1. Before I discovered wool socks I hated wearing socks too, so I completely understand! 🙂 My feet are always cold, but for years I’d just deal with that rather than wear socks. lol

  2. Okay, so you might be getting sick of hearing me say this, but I SO FREAKIN’ LOVE THESE!!! And your mom truly, truly is one of the sweetest people on this planet, and I can completely understand why you say she’s worth it!

  3. OK, I’m impressed. 1) 12 sts/in?!!?!? I can imagine the pain of that. I bought 00 needles this year, but I kind of hate using them — so tiny. 2) I’ve yet to make stranded socks I can get on. 😦 Actually I’ve only made one pair of stranded socks so far, but they didn’t go over Mom’s heels, either. Hopefully I’ll find a recipient for them soon, and hopefully my WIP second pair of stranded socks will have a better outcome (if/when I ever get back to them).

    1. I don’t think I’d mind the 000s (they’re circular, so I had to magic loop whereas usually I make socks with dpns) if I weren’t also trying to keep my stitches as small as possible, you know. I’m going to try knitting with my ‘normal’ tension on the 000s the next time I come across a pattern that calls for 9-10 stitches/inch and see how I feel about them then. They’re Addi Lace, and I love the tips & the texture at least! But the next project I cast on is on size 1s, and they feel hilariously big & sturdy by comparison.

      Have you tried making an extra-long heel flap & picking up more stitches for the gusset than usual for your socks? That’s the only thing that lets my mom get these on (she has high arches). That would be so sad, making an entire pair that didn’t fit.

      I’m hoping to do more stranded knitting projects over the next few months, to improve my technique. I love how the finished pieces look more impressive than the work that went into them, but I still have to ‘think’ about my floats, instead of just getting them right by instinct. So I need more practice!

      1. I love stranded knitting, too! It’s kind of a bummer how, as you gain knitting experience, you have to find more challenging projects for them to be able to hold your interest (in certain circumstances, at least). And yes, I have ways to deal with the arches normally, but the pattern I was using didn’t allow for very straightforward modifications. Hopefully the next pair will be better! 🙂

        I just recently have started sometimes magic looping socks, too; such a different experience! I prefer Hiya Hiya to Addis, but just because I can’t deal with the nickel plating, which is sad, because the smoothness is awesome! And yes, I’m frequently astounded how giant my 2.25mm needles feel even compared to 2.0mm ones.

        1. Magic looping usually feels so cumbersome for me compared to dpns (fussing with the cable twice a row, versus just moving on to the next needle), but I liked how it cut down on the corners for a stranded project. So I might try it out again for colourwork projects that are too small for regular circular knitting (I have an interchangeable set of 0-3 and 4-9, so *could* magic loop for any type of yarn).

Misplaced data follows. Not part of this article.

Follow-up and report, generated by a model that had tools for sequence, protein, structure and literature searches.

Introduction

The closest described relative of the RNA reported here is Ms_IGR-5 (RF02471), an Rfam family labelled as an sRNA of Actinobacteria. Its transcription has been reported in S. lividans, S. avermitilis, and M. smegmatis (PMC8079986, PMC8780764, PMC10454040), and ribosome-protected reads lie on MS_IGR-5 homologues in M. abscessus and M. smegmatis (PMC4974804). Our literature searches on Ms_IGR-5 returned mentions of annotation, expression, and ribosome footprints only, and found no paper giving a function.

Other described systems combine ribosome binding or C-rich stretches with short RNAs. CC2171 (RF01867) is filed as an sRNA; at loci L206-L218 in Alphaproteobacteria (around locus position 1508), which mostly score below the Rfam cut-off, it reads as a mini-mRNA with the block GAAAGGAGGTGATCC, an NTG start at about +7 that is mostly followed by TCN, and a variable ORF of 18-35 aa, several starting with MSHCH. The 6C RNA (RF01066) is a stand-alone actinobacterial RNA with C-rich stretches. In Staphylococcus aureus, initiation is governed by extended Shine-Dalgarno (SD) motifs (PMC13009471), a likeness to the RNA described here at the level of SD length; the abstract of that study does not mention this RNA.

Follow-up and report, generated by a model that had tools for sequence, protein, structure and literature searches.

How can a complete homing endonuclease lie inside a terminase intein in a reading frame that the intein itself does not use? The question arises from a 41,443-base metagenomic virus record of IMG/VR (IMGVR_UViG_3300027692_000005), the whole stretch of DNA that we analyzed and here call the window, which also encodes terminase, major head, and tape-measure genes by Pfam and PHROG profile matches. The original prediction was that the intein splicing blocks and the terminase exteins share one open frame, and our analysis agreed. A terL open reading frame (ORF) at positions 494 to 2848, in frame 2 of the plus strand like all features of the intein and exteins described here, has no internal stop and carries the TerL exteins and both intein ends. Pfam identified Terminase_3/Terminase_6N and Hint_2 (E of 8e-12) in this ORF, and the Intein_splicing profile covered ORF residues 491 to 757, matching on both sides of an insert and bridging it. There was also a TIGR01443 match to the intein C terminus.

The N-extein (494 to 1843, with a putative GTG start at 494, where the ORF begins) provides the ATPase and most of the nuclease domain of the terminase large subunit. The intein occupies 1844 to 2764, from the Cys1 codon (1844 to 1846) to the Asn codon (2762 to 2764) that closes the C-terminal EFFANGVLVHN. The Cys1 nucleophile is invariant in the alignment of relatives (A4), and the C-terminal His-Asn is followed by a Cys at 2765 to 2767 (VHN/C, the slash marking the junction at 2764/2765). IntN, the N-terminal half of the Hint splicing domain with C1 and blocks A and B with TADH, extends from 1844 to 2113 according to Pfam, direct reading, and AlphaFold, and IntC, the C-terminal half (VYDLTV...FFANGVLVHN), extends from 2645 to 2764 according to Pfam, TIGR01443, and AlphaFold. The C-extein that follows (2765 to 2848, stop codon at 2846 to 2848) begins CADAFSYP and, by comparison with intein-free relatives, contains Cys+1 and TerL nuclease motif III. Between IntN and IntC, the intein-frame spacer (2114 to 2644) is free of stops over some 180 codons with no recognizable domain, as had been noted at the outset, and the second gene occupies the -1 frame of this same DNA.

Boo to complicated patterns that don’t let you customise! I hope you have better luck next time. 🙂

          Luckily, I’m not nearly as experienced a knitter as you are, so I still find lots of challenges, hehe. Quite a few of my challenges lately are from self-designing patterns vs the actual knitting. But I miss cables; I need to add them and their challenges back into my life! The faster I knit, the more expensive it is, so anything that slows me down is a good thing.

  4. I don’t know anything about knitting but these look amazing! You are so patient and creative. It’s hard to think of a better present since it was made with love.

    P.S. I wanted to thank you for recommending Claire of Sea Light to me on the other blog (it was a few months ago or more). I was mesmerised by it and it contributed to my goal of reading more diverse authors.

    1. Thank you so much Ioana! I’m so glad you enjoyed Claire of Sea Light; would you like a list of more Caribbean authors to try out? I can’t remember if you’ve read many of them before.

        1. I definitely don’t mind! I’m mentally composing my reply; I might make it a blog post as well, so that I can spread the Caribbean love. 😀

  5. Oh, how lovely! And such dedication to knit on such tiny needles at such a tight gauge. But it sounds like your mom is truely deserving of such an act of love.

  6. Those look amazing! I’ve been following your original blog for several years and had to pop over to see your new blog. Happy to see knitting included. I am learning to knit – just started last year, and am very much a beginner. (still on the scarves and simple hats type of projects). But am hoping to figure out how to knit socks once I get a little better!

    1. Welcome to knitting! Socks are much more achievable than they seem; if you’ve done hats you know how to do ribbing and decreases. So the only other things you need to know is how to pick up stitches & how to graft, and you’re all set for top down socks. The internet has so many great videos, you can definitely start knitting socks if you want to. 🙂 (I’d suggest starting with a ribbed pattern so fit is less of an issue.)